Business book review: Playing To Win

23 Jan 2013 by BusinessTraveller
The title for once is spot on: there are plenty of books written by academics or management consultants on strategy, and even more written by ex-CEOs, but this is a hybrid between the two, and successful because of the joint expertise the two authors bring to the subject. A.G. Lafley is the former CEO of Procter and Gamble, Roger Martin a strategic advisor who worked with him to help double P&G's sales, quadruple its profits, and increase its market value by more than $100 billion in just ten years (the figures are reproduced in one of the two appendices, for doubters or the interested). The book starts off very simply, and pays its respect to Michael Porter, author of Competitive Strategy (they must know him well, since they refer to him as Mike), but as the book progresses and you learn more about Proctor and Gamble’s business (and you learn a tremendous amount) it becomes more detailed as flesh is added to the theoretical bones. There are well known stories here, including the reinvention of Olay, but also lesser-known ones (Bounty, Gillette, Swiffer, and Febreze), including a lot of stuff that it’s hard to believe is known outside the company or its immediate competitors, so you do feel like you are getting inside information. The author’s aim is “to show how leaders in organizations of all sizes can guide everyday actions with larger strategic goals built around the clear, essential elements that determine business success--where to play and how to win.” I’d say they are successful in that aim. Lafley and Martin have created “a set of five essential strategic choices that, when addressed in an integrated way, will move you ahead of your competitors.” They are:
  1. What is our winning aspiration?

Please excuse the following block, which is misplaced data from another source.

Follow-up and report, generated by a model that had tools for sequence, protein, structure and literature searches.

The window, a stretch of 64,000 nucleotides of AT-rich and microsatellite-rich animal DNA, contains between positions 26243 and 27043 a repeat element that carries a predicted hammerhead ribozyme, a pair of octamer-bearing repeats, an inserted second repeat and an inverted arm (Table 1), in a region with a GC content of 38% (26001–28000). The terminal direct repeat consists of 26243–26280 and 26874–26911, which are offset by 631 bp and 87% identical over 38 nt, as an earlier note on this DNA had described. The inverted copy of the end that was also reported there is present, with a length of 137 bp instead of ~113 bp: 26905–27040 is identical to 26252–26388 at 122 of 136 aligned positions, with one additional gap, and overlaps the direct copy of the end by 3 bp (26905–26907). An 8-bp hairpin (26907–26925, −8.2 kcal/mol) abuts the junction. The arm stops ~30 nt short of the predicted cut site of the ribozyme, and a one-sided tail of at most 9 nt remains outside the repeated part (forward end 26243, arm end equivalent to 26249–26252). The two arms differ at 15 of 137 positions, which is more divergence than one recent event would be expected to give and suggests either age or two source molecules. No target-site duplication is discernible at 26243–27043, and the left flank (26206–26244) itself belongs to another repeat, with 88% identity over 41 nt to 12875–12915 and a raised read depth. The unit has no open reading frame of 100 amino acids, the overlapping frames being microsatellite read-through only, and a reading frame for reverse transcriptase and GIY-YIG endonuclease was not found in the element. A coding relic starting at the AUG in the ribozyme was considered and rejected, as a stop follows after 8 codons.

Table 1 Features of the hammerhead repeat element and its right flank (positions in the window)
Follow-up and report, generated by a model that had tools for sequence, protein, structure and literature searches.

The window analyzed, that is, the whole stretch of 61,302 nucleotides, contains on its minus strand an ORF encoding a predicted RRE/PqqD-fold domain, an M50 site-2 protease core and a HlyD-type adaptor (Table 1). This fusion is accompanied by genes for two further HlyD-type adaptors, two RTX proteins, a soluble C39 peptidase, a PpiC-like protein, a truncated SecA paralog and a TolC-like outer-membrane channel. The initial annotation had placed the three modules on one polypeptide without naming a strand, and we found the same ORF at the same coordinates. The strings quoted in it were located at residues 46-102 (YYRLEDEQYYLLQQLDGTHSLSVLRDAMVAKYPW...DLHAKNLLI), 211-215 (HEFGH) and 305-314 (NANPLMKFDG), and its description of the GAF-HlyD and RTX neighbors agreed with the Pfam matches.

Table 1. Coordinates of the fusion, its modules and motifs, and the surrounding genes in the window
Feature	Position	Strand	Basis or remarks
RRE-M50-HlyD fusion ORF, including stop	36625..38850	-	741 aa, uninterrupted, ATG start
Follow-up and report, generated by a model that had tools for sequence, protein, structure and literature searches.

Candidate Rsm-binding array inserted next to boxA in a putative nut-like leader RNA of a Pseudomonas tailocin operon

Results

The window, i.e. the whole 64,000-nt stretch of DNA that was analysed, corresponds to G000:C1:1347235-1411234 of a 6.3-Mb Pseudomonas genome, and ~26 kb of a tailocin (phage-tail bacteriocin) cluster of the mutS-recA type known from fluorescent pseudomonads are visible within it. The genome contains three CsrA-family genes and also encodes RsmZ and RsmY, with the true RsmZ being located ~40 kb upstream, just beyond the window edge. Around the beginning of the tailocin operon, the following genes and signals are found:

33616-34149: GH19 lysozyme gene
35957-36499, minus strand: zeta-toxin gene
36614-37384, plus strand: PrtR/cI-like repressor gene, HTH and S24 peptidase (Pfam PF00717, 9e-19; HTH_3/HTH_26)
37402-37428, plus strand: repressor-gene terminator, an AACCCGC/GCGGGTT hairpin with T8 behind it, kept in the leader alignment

2. Where will we play?
  3. How will we win?
  4. What capabilities must we have in place to win?
  5. What management systems are required to support our choices?
All of this is backed up with very detailed examples from P&G, and although these lack context sometimes since we don’t always know what the competitors thought or did, this is partly addressed in considering how competitors might be expected to act against a proposed strategy (cf p. 174). Occasionally the individual authors step out to speak directly, and when they do it can be very forceful. Here is Lafley on strategy "Grow or grow faster is not a strategy. Build market share3 is not a strategy. Ten percent or greater earnings-per-share growth is not a strategy. Beat XYZ competitor is not a strategy. A strategy is a coordinated and integrated set of where-to-play, how-to-win, core capability, and management system choices that uniquely meet a consumer’s needs, thereby creating competitive advantage and superior value for a business.” You can also sense some of the management speak that goes on in companies such as this when spending months considering the “where-to-play” choices over diapers: it’s the first time I’ve encountered “choiceful” (as in “in our view, far too few companies have a clear, choiceful, and compelling winning strategy in place.” The trouble with words like that is it could mean "having lots of choices”  or, rather like the new buzzword “mindful” meaning always being aware and open minded about alternatives. The book delivers on the title. It’s a unique and nuanced view of strategy and its implementation. Highly recommended. Tom Otley
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